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Emotional abuse red flags in a romantic relationship are serious.
While men and women are equally vulnerable, it takes courage to admit that emotional abuse is happening. And the positive side of uncovering it is that you can detach, heal, and create a new life free of abuse.
To start, you just have to recognize the signs.
Red flags are signs or precursors of peril. The color red has a long history of signifying danger, aggression, or bad things to come. Flags are markers to pinpoint locations or places requiring attention. So, a red flag marks a danger that you need to monitor closely or act on to stop the threats.
Red flags in relationships work the same way. Whether they pop up in your mind or someone else points them out to you, pay attention. They may save you from tremendous agony or serious injury.
Romantic relationships are especially susceptible to emotional abuse because they are a bond of commitment, trust, and vulnerability. When an abusive partner is armed with these precious components of a relationship, they know they have a solid hook into the other person.
It only takes a smooth move or two to transition these components into weapons of emotional abuse, where an abuser gets whatever they want from their partner. These moves are red flags.
An abuser may use any number of tactics to manipulate and control, including physical, emotional, financial, sexual, verbal, psychological, or cultural. Since all of these abuse types touch and damage a person’s emotional well-being, they are also emotional abuse.
Often, an abuser will use more than one type, overlapping and strengthening control over the other person. Therefore, it is crucial to recognize the warning flags as soon as possible.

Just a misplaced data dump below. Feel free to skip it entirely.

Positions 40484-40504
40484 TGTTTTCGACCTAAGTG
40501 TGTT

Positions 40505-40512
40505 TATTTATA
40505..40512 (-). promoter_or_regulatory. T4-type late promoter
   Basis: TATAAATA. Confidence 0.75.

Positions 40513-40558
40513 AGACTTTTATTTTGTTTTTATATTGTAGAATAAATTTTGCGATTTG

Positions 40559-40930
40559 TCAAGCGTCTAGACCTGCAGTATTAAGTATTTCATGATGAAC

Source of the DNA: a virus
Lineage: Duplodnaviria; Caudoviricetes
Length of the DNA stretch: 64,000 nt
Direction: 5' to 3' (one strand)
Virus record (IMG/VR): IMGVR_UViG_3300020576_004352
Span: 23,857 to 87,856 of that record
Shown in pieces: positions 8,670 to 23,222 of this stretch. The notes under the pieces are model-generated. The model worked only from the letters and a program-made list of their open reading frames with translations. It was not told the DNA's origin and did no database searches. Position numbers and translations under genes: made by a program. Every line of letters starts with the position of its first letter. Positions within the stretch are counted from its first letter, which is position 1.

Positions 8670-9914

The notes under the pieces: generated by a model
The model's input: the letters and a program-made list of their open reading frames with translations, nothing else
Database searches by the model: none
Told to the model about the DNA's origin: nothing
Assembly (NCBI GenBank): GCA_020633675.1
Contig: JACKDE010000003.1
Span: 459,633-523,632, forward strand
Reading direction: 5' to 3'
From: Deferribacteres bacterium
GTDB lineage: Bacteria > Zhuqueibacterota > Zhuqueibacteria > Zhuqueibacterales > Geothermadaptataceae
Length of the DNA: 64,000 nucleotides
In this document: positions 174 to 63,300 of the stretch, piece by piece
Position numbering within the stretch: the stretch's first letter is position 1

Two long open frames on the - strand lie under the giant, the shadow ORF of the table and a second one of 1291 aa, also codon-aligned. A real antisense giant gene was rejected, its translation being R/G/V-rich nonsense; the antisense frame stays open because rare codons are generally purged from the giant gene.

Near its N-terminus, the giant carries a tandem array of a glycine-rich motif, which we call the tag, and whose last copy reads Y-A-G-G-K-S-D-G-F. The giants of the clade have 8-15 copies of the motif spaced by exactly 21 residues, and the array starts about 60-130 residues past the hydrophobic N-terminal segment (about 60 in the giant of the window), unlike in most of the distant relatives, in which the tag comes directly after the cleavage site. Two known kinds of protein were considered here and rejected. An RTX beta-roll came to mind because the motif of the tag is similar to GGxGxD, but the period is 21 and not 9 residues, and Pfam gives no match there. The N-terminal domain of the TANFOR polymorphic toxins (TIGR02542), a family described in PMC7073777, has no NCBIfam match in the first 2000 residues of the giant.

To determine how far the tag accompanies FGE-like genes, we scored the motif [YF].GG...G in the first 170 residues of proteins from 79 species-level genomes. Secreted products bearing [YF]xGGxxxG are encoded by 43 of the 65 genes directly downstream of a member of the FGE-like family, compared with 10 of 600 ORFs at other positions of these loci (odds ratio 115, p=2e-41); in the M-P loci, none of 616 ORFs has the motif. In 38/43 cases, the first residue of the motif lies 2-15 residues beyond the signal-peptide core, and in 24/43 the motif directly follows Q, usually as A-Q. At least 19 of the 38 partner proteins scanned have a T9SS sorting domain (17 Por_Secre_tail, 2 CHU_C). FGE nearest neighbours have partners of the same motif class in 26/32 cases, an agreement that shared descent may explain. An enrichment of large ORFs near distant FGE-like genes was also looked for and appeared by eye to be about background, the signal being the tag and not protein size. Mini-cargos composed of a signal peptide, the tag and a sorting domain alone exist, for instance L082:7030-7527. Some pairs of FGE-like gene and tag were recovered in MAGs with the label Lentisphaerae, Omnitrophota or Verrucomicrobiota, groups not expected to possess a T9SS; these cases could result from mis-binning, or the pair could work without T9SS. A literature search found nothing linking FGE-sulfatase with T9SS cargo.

To spot and identify red flags of emotional abuse in a relationship is critical to preserving physical, mental, and emotional well-being. However, many benefits can come from recognizing and addressing them.
These are a few:
On the flip side, if the red flags are not recognized and dealt with, a person may be affected detrimentally. Being in an abusive relationship not only touches a person’s core, their soul, but it also hits on their physical and emotional health. It distorts their perspective of life and the world.
An abuse victim’s perspective often views the entire world as dishonest and abusive, leaving the person to drown in hopelessness, grief, confusion, anxiety, depression, fear, isolation, and skepticism of everything and everyone. This, in turn, affects how the brain functions and determines the chemicals it releases into the body, which may cause disease and illness.
Don’t wait to evaluate your relationship. If you need help, there are many resources you can tap into whenever you are ready. If your situation is dire, check out the video at the end of this article to learn how to silently signal that you are in danger.
This list of 23 red flags of emotional abuse is a serious compilation of warnings to look for when you feel you may be in an abusive relationship. The first step to resolving the problem is to recognize what may be happening to you, and the next step will be to take the right action to make it stop. Once it has ended, you will need to find healing and recovery.
Gaslighting is a manipulation tactic that attempts to turn factual information into foggy confusion. It is an adamant stance that what happened didn’t really occur or happened differently than reality.
When gaslighting occurs, you may feel like you’re losing your mind. You doubt your memory and even the facts. Gaslighting can leave you feeling depressed and confused, questioning your own ability to make decisions. That’s exactly what it is meant to do.
It is one of the most powerful emotional abuse red flags. It is a blatant attempt to not only control you and your thoughts but also to control the narrative, shaping the truth to the gaslighter’s advantage.
An emotionally abusive relationship cannot exist without the placing of blame and guilt. The abuser shifts the attention from their bad behavior to the weaknesses in the survivor’s response. Often, the abuser will even take on the role of victim to strengthen their claim that the blame rests with the survivor.
As a follow-up to secure that the blame sticks with the survivor, the abuser will demand that the victim admit guilt and feel shame. When they succeed, they solidify their false idea that they didn’t do anything wrong, and the survivor is solely to blame.